Global labour markets, return, and onward migration
There is increasing evidence that international migration is characterized by frequent return and onward migration. This has important consequences for the contribution of immigrants to the economy of the host country. Lack of longitudinal data has prevented much analysis of how frequently international migration involves a sequence of location decisions or how long the typical migrant stays in a host country. A newly available longitudinal data set covering all immigrants to Canada since 1980 provides the opportunity to address these issues. The results show that a large fraction of male immigrants who are of working age, especially among skilled workers and entrepreneurs, are highly internationally mobile.
If you experience problems downloading a file, check if you have the proper application to view it first. In case of further problems read the IDEAS help page. Note that these files are not on the IDEAS site. Please be patient as the files may be large.
As the access to this document is restricted, you may want to look for a different version under "Related research" (further below) or search for a different version of it.
Volume (Year): 41 (2008)
Issue (Month): 4 (November)
|Contact details of provider:|| Postal: |
Web page: http://economics.ca/cje/
More information through EDIRC
|Order Information:|| Web: http://economics.ca/en/membership.php Email: |
References listed on IDEAS
Please report citation or reference errors to , or , if you are the registered author of the cited work, log in to your RePEc Author Service profile, click on "citations" and make appropriate adjustments.:
- George J. Borjas & Bernt Bratsberg, 1994.
"Who Leaves? The Outmigration of the Foreign-Born,"
NBER Working Papers
4913, National Bureau of Economic Research, Inc.
- Bruce D. Meyer, 1988.
"Unemployment Insurance And Unemployment Spells,"
NBER Working Papers
2546, National Bureau of Economic Research, Inc.
- Kit-Chun Lam, 1994. "Outmigration of Foreign-Born Members in Canada," Canadian Journal of Economics, Canadian Economics Association, vol. 27(2), pages 352-70, May.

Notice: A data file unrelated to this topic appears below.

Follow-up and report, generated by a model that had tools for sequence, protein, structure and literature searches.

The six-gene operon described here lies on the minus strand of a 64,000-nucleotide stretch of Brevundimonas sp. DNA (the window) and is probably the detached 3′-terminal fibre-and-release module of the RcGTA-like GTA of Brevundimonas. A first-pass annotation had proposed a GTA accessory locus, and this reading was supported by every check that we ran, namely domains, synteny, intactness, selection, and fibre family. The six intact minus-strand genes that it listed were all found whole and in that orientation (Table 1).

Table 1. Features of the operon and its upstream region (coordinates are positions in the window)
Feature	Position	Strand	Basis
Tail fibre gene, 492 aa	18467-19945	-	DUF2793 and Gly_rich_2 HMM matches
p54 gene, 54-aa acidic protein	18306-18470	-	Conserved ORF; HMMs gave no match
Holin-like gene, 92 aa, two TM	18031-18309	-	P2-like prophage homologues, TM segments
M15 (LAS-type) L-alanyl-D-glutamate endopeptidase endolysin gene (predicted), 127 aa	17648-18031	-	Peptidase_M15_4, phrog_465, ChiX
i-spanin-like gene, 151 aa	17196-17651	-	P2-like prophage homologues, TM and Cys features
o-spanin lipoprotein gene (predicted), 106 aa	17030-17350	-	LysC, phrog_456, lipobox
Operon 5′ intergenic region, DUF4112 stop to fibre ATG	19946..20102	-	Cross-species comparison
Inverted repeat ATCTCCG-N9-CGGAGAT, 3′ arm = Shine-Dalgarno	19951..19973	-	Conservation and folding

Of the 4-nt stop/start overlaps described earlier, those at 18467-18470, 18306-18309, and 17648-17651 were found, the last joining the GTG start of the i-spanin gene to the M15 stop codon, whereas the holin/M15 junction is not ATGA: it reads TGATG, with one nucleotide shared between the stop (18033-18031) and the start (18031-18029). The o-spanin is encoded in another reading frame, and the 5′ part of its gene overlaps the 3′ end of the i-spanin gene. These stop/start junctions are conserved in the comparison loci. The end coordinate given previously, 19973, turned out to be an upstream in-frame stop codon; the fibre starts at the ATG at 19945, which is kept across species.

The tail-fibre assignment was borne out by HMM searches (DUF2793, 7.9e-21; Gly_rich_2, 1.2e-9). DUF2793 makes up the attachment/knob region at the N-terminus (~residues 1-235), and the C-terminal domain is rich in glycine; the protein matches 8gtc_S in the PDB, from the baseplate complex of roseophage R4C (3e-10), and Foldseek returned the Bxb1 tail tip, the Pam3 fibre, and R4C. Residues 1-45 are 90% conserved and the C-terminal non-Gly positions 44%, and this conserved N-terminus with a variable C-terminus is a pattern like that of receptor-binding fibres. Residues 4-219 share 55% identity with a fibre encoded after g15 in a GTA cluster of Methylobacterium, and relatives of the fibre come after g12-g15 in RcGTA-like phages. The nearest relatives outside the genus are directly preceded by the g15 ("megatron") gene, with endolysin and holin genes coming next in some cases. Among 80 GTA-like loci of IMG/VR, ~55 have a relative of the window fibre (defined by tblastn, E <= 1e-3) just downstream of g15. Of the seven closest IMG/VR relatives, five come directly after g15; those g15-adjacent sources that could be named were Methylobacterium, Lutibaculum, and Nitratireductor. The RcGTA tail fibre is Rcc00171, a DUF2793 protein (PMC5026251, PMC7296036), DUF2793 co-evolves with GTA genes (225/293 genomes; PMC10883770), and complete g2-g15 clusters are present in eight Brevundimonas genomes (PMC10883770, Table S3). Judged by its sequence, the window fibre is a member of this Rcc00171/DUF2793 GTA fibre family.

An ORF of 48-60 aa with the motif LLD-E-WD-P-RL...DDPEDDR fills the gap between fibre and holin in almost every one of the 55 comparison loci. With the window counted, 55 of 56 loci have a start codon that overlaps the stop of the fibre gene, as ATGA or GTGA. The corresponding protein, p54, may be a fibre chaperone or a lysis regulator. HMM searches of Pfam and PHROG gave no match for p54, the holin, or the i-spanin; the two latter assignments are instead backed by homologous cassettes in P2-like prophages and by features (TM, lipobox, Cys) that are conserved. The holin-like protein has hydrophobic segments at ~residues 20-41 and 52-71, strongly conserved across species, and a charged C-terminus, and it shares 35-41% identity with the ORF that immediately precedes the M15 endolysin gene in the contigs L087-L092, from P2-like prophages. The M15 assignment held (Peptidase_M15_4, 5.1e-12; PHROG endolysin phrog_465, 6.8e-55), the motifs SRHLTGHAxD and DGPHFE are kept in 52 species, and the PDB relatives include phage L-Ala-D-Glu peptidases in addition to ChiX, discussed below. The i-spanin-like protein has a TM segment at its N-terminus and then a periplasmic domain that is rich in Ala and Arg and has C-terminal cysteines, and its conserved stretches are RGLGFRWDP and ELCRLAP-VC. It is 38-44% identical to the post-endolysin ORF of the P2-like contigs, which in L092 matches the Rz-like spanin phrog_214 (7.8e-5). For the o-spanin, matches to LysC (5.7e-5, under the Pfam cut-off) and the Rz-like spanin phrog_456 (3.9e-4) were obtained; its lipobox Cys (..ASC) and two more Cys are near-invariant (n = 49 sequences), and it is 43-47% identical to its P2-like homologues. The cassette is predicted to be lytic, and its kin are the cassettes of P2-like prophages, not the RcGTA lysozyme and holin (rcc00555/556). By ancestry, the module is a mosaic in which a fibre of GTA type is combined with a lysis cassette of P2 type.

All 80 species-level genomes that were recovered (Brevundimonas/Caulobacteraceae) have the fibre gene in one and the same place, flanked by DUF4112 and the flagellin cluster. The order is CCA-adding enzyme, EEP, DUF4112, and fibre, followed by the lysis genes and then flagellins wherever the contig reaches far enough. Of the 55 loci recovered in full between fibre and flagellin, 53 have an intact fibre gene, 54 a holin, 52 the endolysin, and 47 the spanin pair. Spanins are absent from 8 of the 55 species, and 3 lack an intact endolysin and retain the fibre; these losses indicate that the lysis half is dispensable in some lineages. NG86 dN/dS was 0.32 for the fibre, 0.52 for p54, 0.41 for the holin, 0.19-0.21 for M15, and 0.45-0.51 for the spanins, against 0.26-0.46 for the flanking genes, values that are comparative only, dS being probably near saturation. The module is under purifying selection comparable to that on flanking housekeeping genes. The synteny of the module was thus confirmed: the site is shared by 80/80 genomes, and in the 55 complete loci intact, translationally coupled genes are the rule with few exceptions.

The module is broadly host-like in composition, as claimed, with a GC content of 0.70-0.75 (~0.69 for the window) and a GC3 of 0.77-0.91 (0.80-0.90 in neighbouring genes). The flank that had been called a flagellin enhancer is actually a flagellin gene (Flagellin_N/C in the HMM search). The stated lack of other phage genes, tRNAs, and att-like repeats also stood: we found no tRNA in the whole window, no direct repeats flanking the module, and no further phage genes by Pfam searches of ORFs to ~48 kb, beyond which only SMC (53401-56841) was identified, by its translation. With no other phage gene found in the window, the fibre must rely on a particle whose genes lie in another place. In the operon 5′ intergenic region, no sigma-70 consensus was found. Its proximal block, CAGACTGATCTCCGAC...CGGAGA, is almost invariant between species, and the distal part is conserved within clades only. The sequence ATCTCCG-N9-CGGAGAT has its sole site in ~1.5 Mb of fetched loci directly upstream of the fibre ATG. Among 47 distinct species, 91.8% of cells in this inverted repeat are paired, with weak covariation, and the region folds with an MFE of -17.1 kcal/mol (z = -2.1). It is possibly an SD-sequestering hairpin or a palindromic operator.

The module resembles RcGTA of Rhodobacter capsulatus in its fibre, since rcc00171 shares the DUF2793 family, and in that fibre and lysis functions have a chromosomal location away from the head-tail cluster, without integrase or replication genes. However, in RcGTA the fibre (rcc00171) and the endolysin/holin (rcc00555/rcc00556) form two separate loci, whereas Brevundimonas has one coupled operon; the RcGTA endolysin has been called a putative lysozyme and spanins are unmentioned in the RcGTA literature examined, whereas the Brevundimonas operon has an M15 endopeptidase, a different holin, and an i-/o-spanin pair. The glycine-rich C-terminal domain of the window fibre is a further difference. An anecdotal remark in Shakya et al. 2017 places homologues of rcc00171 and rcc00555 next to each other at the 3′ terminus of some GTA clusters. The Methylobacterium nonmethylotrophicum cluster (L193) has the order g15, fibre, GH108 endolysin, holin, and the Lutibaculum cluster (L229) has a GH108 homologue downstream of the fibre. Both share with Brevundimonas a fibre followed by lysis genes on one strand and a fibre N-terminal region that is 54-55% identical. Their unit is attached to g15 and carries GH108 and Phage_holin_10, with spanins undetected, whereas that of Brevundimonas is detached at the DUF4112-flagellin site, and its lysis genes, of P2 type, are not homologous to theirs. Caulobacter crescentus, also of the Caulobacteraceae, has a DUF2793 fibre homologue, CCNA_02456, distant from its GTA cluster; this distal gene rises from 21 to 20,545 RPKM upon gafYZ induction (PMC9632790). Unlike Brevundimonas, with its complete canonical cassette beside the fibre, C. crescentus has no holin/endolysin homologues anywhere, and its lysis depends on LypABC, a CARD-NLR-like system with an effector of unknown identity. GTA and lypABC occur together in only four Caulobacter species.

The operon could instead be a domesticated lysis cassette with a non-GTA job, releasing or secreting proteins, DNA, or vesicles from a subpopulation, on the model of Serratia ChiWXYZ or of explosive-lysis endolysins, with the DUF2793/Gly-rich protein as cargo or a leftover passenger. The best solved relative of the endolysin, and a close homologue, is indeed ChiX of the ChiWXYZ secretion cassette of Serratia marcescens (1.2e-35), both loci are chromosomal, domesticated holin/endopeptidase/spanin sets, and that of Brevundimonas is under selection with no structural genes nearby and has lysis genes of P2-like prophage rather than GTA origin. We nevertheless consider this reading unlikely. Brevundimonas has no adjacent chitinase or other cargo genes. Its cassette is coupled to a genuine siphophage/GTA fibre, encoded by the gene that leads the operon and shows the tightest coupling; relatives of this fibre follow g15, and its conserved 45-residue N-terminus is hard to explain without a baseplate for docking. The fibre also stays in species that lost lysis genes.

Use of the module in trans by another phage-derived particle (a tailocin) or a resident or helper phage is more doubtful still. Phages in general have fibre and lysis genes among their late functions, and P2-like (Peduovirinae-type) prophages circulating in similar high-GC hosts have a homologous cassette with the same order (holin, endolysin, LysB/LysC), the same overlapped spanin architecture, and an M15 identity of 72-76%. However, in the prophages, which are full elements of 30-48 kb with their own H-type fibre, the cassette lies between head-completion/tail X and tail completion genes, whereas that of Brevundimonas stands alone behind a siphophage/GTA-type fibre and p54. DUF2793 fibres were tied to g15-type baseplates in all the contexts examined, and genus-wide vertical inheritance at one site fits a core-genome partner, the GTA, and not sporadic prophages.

- Kaivan Munshi, 2003. "Networks in the Modern Economy: Mexican Migrants in the U. S. Labor Market," The Quarterly Journal of Economics, Oxford University Press, vol. 118(2), pages 549-599.
- Constant, Amelie F. & Massey, Douglas S., 2002.
"Self-Selection, Earnings, and Out-Migration: A Longitudinal Study of Immigrants to Germany,"
IZA Discussion Papers
672, Institute for the Study of Labor (IZA).
- Amelie Constant & Douglas S. Massey, 2003. "Self-selection, earnings, and out-migration: A longitudinal study of immigrants to Germany," Journal of Population Economics, Springer, vol. 16(4), pages 631-653, November.
- Manuela Angelucci, 2012.
"US Border Enforcement and the Net Flow of Mexican Illegal Migration,"
Economic Development and Cultural Change,
University of Chicago Press, vol. 60(2), pages 311 - 357.
- Angelucci, Manuela, 2005. "U.S. Border Enforcement and the Net Flow of Mexican Illegal Migration," IZA Discussion Papers 1642, Institute for the Study of Labor (IZA).
When requesting a correction, please mention this item's handle: RePEc:cje:issued:v:41:y:2008:i:4:p:1285-1311. See general information about how to correct material in RePEc.
For technical questions regarding this item, or to correct its authors, title, abstract, bibliographic or download information, contact: (Prof. Werner Antweiler)
If you have authored this item and are not yet registered with RePEc, we encourage you to do it here. This allows to link your profile to this item. It also allows you to accept potential citations to this item that we are uncertain about.
If references are entirely missing, you can add them using this form.
If the full references list an item that is present in RePEc, but the system did not link to it, you can help with this form.
If you know of missing items citing this one, you can help us creating those links by adding the relevant references in the same way as above, for each refering item. If you are a registered author of this item, you may also want to check the "citations" tab in your profile, as there may be some citations waiting for confirmation.
Please note that corrections may take a couple of weeks to filter through the various RePEc services.